Jump to content

What's it like to work at a community mental health clinic?

kimbuhlee kimbuhlee (New) New

Hi there,

Just starting off my career as an RN. I have always been interested in the idea of working in a community mental health clinic but would like more information about what it is like. So for anyone who is an RN or an APRN in such a place, would you care to comment?

1) What drove you to pursue a career in such a place?

2) What is a typical day like for you?

3) What do you like/not like about your job? And would you recommend?

Any other things you think would be helpful are greatly appreciated, thank you!

I work at a mental health clinic. Its a 24hr Crisis Center. Ive spent 11 years doing inpatient psych and mgmt. There are less resources and novelties (like pyxis machines). I do crisis assessnents on walk in clients and on Emergency Detention clients. It can be busy. I feel good about what Im doing. Its a great change for clinicians working unpatient. We save a ton of money for the county by evaluating clients here versus the ER. I would recommend the experience.

Thanks for the reply, EzyDoesItRN! That sounds great! I can do without the novelties. Sounds like something that would interest me for sure!


Has 16 years experience. Specializes in Mental Health/Chemical Dependency.

The exact duties in a public mental health clinic setting probably have a lot to do with the state you practice in. If your state has the ability to court order outpatient treatment I'm guessing the population varies. My state does allow court ordered outpatient, and has a large system of outpatient clinics set up. There are also 2 urgent care type centers that can hold people for up to 24 hrs.

I work on an ACT team, which is kind of a specialty within the specialty. We provide wrap around services- one stop shop type thing. There are usually around 10 case managers and they all have specialties- housing, transportation, rehab/employment, housing, substance abuse, etc. One doctor and me (RN). We do refer people out to day programs, and our voc rehab program, as well as intensive outpatient substance abuse programs. ACT started when they started opening the doors and dumping the chronic patients into the community with no support system. They kept ending up back inpatient, or in jail, homeless, etc. Someone started going into the community and teaching independent living skills IN the community. It worked. SAMHSA noticed. It seems to be very very popular recently- like, if you want a lot of funding, create ACT teams. I am thrilled that my experience doing a job that I love has made me so incredibly marketable. There is a future in it. I have worked on the traditional teams too, so can give you a run down of both.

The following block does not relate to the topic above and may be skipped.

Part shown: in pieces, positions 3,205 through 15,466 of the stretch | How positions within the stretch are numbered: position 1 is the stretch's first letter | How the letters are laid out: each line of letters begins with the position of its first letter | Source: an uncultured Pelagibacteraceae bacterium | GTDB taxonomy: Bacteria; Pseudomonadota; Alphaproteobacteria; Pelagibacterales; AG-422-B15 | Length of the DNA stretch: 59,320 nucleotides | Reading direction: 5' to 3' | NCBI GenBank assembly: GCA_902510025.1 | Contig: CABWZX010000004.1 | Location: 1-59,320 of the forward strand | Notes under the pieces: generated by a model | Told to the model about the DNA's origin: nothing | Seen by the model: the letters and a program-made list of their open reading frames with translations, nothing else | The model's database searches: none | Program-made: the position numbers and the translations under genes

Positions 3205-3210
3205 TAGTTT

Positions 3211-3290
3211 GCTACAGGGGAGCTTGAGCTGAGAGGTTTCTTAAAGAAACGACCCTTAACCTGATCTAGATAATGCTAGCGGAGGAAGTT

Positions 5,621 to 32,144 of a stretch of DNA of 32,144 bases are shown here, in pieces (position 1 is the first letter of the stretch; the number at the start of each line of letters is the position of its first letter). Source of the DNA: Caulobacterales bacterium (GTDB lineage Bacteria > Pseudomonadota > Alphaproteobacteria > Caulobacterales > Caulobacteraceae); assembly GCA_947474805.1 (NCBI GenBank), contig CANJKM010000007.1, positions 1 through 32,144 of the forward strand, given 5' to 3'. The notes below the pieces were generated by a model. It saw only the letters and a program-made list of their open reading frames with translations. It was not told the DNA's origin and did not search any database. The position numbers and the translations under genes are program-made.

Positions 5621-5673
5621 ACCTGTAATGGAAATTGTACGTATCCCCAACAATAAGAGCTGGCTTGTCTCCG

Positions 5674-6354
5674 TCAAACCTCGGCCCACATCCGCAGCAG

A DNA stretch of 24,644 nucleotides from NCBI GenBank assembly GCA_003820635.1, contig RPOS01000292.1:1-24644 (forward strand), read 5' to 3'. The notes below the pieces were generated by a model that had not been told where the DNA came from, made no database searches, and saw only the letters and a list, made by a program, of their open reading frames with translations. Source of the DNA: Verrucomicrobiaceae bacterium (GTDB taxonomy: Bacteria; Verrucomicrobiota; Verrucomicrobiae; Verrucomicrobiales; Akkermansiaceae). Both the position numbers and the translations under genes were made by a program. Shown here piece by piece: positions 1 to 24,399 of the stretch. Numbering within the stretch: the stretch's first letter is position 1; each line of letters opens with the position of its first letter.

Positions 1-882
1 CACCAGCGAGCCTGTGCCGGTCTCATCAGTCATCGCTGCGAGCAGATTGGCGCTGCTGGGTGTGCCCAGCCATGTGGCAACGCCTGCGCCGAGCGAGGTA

Non ACT RN's work with a team of case managers and a doc, but refer people out for services more. The case managers have to see each client in the community once every 3 months, and once a month overall. There are about 250-280 patients assigned to a team with about 10 case managers. The nurse has all 250ish, as does the doctor. The day consists of appointments. Labs, injections, the q 3 month appointments to check in, annual health assessments. Dealing with refill requests, team meetings, and of course, the very very mentally ill patients, who make it all so interesting.

My day can be similar or drastically different depending on the needs of my team. I have about 75% of my time doing in clinic appts. I have 99 patients. I have to see them all monthly but most are on injections, clozaril, or come to fill their medisets once or twice weekly. The team overall has to deliver 50% of care in the community so the rest of my time is doing home visits, or jail and hospital visits. I met a girl last week at her GYN's office to provide moral support while she had an IUD inserted. I have testified in court to get a client a guardian when his health declined and he was too delusional to accept care (he had MRSA, but we hadn't ruled out TB). I went with a case manager to be in the room when a client was taken off life support. He had no one but his team, so it seemed like the right thing to do. It is a little weird, but I was proud that I had managed to bill for talking to someone who was brain dead. Almost forgot- in the end it's all about billing. It sucks but it's as much a part of the unpleasantness as bed bath's are to long term care RN's. I love that I get to drive around and give injections to people who are court ordered to have them but scared to go near a clinic. I don't like sitting in an office. I prefer to sit in a park and chart on my crappy but functional company laptop.....

You need experience in inpatient psych for both, and in outpatient too for ACT, but it is a career that has growth potential. I love it.


By using the site you agree to our Privacy, Cookies, and Terms of Service Policies.